The dream of Donna Jensen (Gwyneth Paltrow) is to be the best airline attendant on the best carrier in the world, Royalty Airlines to Paris. She gets there, with the help of mentors like best-selling author and former stewardess Sally Weston (Candice Bergen) and wacky, one-eyed instructor John Whitney (Mike Myers), and in spite of the evil machinations of her erstwhile best friend, Christine (Christina Applegate). But it can be lonely "at the top," as she realizes when she has to leave behind the perfect boyfriend (Mark Ruffalo), who himself aspires to be a lawyer.

More low-key and thoughtful, and far less noisily contrived than Maid in Manhattan, How to Lose a Guy in 10 Days, and all of Sandra Bullock's recent oeuvre, this is the best chick flick in a while. Director Bruno Barreto concentrates on character development over cutesy shtick, and his cast rewards him with a fleet of charming performances. It's a tribute to Paltrow, inescapably a creature of privilege and innate elegance, that she's so convincing and sympathetic as one-cut-above-white-trash Donna. You root for her in a way audiences once did for Jean Arthur and Ginger Rogers in their better career-girl comedies like Easy Living, The Devil and Miss Jones, Bachelor Mother, and Tom, Dick and Harry. Barreto frames Paltrow's appealing performance smartly, especially when she dazzlingly emerges in the elegant Royalty uniform and proudly salutes other topflight attendants in the terminal. Barreto gives her a wistful scene, alone in Paris at Christmas, which recalls nothing less than the masterpiece of the genre, Sabrina. She and a soulfully ardent Ruffalo have a natural easy chemistry and warmth together, with thankfully no need of a sappy pop song-driven love montage to force the issue. (Cyndi Lauper's "Time After Time" is admittedly their theme, but it's a savvy, evocative choice and used discerningly.)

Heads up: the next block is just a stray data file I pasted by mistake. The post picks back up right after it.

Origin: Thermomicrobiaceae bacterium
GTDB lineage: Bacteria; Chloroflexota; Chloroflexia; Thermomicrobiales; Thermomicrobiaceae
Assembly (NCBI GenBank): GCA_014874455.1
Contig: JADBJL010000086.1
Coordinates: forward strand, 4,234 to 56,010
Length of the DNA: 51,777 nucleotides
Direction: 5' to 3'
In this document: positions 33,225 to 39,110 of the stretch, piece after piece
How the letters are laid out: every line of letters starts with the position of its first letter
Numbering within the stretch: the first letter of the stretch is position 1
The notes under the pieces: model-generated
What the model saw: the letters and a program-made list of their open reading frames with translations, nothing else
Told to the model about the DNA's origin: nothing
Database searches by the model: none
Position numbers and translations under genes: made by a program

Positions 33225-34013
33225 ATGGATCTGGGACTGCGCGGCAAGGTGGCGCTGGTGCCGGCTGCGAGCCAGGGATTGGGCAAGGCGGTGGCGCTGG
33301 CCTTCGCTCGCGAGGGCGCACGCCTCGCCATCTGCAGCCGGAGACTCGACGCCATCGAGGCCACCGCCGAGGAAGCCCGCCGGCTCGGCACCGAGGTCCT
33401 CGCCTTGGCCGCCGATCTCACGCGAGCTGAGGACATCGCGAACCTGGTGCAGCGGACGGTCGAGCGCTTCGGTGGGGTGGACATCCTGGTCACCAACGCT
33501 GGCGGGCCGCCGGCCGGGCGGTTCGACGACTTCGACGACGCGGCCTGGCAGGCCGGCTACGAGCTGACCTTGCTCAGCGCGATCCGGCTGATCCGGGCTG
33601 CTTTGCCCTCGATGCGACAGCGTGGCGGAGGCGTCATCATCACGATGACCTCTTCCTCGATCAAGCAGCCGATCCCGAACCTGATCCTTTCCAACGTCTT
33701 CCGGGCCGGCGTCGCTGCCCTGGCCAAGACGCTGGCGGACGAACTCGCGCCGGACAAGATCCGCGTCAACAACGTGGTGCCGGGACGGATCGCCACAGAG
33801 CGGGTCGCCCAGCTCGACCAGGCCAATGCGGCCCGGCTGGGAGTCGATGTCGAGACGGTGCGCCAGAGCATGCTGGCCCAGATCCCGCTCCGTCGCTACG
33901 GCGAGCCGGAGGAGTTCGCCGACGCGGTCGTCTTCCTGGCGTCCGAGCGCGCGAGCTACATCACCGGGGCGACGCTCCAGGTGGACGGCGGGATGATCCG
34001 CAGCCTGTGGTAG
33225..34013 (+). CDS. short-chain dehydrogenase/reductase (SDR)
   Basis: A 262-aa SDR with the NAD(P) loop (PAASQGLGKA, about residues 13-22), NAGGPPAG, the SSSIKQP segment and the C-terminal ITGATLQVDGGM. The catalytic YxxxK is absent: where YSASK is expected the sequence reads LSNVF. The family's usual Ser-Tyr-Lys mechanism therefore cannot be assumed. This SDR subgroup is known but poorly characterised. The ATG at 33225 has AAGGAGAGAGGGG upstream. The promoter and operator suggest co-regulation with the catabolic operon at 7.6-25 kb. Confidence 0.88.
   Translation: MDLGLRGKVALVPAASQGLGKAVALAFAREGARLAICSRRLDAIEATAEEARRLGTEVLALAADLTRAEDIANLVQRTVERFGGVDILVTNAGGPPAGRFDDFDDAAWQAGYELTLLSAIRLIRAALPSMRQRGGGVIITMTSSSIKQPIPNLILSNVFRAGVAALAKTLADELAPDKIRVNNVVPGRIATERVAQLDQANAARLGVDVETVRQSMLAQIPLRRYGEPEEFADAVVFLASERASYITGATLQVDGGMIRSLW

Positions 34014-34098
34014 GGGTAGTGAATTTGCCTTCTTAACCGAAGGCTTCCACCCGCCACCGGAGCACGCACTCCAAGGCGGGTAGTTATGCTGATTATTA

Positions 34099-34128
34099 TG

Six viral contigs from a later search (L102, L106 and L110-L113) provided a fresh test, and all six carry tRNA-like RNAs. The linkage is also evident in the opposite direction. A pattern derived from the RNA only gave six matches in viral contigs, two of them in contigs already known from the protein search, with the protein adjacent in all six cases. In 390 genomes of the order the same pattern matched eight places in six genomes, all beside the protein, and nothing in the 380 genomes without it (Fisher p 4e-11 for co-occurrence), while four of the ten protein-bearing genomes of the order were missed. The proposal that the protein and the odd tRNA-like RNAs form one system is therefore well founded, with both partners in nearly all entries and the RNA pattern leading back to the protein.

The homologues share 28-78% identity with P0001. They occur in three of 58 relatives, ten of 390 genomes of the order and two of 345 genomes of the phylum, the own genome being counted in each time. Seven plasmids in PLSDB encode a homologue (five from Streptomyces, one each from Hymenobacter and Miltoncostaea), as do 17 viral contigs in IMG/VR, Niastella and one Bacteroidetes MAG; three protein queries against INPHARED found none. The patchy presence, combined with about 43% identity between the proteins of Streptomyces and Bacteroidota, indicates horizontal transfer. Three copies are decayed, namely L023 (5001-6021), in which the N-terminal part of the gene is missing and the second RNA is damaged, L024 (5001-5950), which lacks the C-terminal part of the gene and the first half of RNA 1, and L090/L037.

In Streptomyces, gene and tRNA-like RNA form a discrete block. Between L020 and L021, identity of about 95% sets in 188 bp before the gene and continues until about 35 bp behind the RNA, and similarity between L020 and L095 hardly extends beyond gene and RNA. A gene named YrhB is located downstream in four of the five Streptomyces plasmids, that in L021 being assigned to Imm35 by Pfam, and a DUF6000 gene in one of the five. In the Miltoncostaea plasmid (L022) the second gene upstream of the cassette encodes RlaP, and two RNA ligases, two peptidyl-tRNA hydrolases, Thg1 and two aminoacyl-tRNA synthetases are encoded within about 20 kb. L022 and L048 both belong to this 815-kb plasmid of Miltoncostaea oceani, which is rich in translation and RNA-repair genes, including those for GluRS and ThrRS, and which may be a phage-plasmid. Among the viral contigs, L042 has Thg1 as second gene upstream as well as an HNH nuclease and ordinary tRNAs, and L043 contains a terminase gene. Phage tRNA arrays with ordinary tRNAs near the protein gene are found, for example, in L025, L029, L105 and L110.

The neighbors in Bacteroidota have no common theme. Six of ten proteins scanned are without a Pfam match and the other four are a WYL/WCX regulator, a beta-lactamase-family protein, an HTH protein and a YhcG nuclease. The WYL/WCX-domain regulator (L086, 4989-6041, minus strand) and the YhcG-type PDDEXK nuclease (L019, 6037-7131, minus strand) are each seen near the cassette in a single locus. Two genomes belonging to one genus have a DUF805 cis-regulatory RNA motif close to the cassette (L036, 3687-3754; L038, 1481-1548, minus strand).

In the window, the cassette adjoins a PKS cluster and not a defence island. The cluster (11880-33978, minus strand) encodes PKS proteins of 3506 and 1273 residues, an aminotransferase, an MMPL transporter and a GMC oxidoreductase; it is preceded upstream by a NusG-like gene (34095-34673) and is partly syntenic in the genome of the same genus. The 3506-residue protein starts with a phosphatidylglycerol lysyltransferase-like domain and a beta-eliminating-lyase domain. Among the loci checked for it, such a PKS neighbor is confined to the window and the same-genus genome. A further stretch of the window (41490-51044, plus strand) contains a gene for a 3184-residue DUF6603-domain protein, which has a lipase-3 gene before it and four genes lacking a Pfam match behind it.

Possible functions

Bergen's ubiquitous comic style, a kind of twinkling stiffness, is well-employed in her appallingly nouveau-riche role. Applegate makes an effectively witchy villainess, and fuels an amusing fight scene with Paltrow which ends in a funny denouement involving a loaf of French--oops, Freedom--bread. And Mike Myers should have his salary doubled retroactively for the bracing, hysterical verve he brings to the film. Hideously, hilariously beset with that one dead eye, he makes the puckish most of every bad-taste opportunity imaginable, spins ordinary lines of dialogue to make what's not funny seem so, and preens with a coquettish officiousness in his pristine office (which features celebrity grab shots of him with similarly impaired stars like Sammy Davis, Jr., Peter Falk and Marty Feldman).

--David Noh